This should be required reading for students enrolled in AP World History, a college level world history course, or anyone interested in a well-structured history of the period. Brilliant, easy to listen to and understand, and thorough in its presentation of the subject matter. The book provides a remarkably personal look into the personalities and decisions that shaped the period leading up to, and ultimately determining the outcome of, the war.
I'm amazed at how some actions are taken to send a specific message, but it results in the opposite message being received. In Belgium, the Germans wanted to send a message that it is futile to resist them and Belgium should surrender immediately, but the acts of violence against civilians made the Belgians believe that the Germans must be resisted and pay for their barbaric acts.
This book is dense with events and with people, and the audiobook will move too quickly for you to pick everything up that you might while reading, leafing back, etc. Nadia May is absolutely charming in her representations of the various statesmen involved with her affected accents, but you will still get lost if this is your first foray into the events leading up to WW1.
However if you have studied the time period or have a special interest in the matter, the book/narrator combo do an amazing job of bringing the gentlemen behind these events to life. Would recommend.
Yes, B.W.Tuchman keeps the listener's interest high throughout in spite of the great depth of details she dives into but the details are not gratuitous, but carefully selected because they contribute to the overall story.
Make me think !
The performance by the reader is excellent but I wish she made more effort on foreign language dialog and names. Her use of ridiculous foreign accents to render English translations of foreign language dialogs is cartoonish and at times offensive. As a native French speaker, I also had difficulties recognizing the name of many places I am familiar with due to mispronunciation. It is not so much that she anglicizes the words but rather that she makes up the French pronunciation.
The author's thorough research and writing style brought this listener closer to understanding the complexities that shaped the Great War
The story is obviously great. The narration is decent, but this book is a terrible audiobook.
The book in print has maps. Without visual aids this is a difficult audiobook.
No idea. Gave up on the book.
Too many characters with one voice doing different characters.
Audible should state when the print version of the book has maps.
Just a regular guy that spends a lot of time behind the wheel. I don't care about the topic, if it keeps me from boredom, I'm content.
I would recommend the title, but not in audio format.
I had to listen to the book at half speed to understand the narrator. Her shrill voice always felt like it was stabbing into my ears.
WW1 action-packed beginning
A World Undone also covers WW1, beginning with the first 2 months covered here and extending to the end of the war.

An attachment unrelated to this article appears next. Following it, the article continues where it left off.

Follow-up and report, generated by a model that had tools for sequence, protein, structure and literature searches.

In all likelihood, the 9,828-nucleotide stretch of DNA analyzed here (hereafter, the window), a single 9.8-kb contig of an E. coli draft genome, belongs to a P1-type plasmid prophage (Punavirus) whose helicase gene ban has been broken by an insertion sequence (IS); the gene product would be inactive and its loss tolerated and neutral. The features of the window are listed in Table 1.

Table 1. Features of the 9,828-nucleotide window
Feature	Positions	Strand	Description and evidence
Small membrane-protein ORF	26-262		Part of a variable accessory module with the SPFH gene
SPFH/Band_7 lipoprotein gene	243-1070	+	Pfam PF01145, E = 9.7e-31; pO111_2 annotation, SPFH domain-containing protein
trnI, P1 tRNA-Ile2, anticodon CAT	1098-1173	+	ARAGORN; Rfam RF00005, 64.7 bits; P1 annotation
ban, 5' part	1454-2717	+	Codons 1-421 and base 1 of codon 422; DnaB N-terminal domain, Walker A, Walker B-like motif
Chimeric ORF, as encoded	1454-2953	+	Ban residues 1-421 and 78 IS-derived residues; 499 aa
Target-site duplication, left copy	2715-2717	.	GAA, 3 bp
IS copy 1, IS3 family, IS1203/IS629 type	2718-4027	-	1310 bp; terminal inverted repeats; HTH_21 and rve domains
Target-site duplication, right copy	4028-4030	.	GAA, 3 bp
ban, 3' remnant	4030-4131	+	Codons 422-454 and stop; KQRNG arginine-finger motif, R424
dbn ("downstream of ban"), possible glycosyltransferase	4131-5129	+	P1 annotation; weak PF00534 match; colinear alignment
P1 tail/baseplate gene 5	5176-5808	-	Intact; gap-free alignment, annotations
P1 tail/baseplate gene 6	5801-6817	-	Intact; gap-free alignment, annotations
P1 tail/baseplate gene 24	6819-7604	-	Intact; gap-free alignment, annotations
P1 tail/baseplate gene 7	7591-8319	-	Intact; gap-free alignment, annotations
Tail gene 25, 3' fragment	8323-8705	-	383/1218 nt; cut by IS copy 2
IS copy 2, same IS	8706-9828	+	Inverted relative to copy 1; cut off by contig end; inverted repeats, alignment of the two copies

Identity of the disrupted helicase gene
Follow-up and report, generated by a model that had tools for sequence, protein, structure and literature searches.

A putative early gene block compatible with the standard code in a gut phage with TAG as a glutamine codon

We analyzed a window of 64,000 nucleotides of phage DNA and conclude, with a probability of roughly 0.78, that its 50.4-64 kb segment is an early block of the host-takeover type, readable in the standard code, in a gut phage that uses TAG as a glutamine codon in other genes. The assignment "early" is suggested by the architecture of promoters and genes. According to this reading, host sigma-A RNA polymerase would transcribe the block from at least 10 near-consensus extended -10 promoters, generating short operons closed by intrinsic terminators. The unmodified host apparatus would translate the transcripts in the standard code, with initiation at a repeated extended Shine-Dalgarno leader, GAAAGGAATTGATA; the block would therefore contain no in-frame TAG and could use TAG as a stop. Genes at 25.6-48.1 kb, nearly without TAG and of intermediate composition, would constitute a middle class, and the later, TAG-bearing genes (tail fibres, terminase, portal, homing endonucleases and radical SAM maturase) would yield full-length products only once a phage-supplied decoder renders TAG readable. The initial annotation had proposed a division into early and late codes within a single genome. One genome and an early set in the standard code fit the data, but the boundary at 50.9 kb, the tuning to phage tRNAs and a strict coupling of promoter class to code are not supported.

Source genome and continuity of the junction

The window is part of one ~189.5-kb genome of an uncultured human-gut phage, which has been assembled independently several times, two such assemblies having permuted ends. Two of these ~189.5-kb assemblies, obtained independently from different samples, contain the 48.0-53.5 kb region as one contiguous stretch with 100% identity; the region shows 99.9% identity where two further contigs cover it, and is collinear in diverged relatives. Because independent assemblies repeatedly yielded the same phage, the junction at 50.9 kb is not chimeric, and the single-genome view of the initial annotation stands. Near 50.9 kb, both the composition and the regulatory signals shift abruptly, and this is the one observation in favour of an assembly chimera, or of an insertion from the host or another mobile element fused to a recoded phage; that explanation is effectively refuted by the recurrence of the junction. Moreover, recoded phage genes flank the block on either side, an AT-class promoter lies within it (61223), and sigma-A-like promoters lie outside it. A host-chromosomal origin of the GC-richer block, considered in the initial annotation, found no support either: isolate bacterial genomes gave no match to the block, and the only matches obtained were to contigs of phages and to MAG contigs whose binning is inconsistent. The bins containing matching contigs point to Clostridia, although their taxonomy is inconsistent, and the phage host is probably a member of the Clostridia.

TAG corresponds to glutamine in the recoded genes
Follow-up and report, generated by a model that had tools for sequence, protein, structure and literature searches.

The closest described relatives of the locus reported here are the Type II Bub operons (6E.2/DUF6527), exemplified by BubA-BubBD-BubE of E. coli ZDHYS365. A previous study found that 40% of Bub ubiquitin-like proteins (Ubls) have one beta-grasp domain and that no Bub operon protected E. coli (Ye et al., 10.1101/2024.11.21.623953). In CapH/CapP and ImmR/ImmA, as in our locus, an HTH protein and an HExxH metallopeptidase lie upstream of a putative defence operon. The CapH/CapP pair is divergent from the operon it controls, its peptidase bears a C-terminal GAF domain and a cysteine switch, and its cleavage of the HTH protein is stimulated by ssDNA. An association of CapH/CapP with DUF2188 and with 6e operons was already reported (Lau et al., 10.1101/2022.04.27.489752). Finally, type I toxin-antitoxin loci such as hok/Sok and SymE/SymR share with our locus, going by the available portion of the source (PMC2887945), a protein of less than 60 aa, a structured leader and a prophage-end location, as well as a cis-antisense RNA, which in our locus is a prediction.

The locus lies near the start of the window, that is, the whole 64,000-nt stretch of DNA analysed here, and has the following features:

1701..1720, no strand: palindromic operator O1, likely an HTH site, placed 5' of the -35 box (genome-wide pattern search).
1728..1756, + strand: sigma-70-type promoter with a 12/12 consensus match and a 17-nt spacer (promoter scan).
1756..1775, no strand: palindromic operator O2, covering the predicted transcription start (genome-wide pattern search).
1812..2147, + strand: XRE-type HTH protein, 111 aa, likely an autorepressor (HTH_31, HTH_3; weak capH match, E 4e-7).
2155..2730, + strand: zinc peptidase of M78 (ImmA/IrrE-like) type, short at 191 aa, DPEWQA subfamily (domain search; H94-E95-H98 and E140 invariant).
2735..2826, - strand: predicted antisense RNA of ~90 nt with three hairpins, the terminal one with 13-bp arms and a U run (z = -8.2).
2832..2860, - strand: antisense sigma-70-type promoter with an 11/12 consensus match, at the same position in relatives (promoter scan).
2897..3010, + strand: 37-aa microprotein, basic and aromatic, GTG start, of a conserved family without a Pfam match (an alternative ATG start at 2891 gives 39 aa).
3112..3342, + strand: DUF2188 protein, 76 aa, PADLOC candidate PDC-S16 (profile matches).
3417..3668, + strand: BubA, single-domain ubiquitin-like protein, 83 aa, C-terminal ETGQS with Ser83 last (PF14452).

No. The delivery was good, except for the major problem of german words being completely mangled. One would think that a narrator would take the trouble to use easily available internet aids to find out the proper pronunciation of the many german words used. The mangled delivery given only serves to give the impression that the narrator was too lazy to invest the minimal time required.
The first section is good but when the fighting breaks out I found it difficult to follow. I believe the author says her purpose was to cover the causes of the war up to the establishment of the stalemate in 1914. Analysis of the European powers in the decades between 1870 and the war is interesting. The depiction of the nations tumbling into war due to alliances and mobilization schedules in the summer of 1914 is rightly considered the highlight of the book. Unfortunately when the battles begin the analysis ends, and much detail is expended on the first couple months of the war. Names of various commanders and acronyms for plans and headquarters, troop movements without maps. If this was in service of a theory for how the military actions of the first few months led to stalemate, and that it could have gone another way, all this would be worth the effort. But the battles do not seem pivotal. Stalemate seems to be fated. Recommended as a library book, but not a good use of a credit.
I like to read but listening is better.
This is the sort of book that I hope for every time I download an audio book. Barbara Tuchman is a pretty safe bet. She's one of the great history writers.
As always, Nadia May is perfect in this role. I still wind up forgetting that the author herself is not the narrator. That's how well May's voice and style fit Tuchman's writing.
The great thing about Tuchman's work is that she gives detailed and educational histories that are also entertaining and even exciting. Guns of August is no exception. This isn't an audio book that you'll just turn on in the car because you're sick of the songs on your iPod. You get swept up in the story and immersed in it.
That's what's so great about Tuchman's work. It satisfies those of us who want to spend reading time educating ourselves, while also giving us the same pleasure that a novel would. Guns of August is tremendous.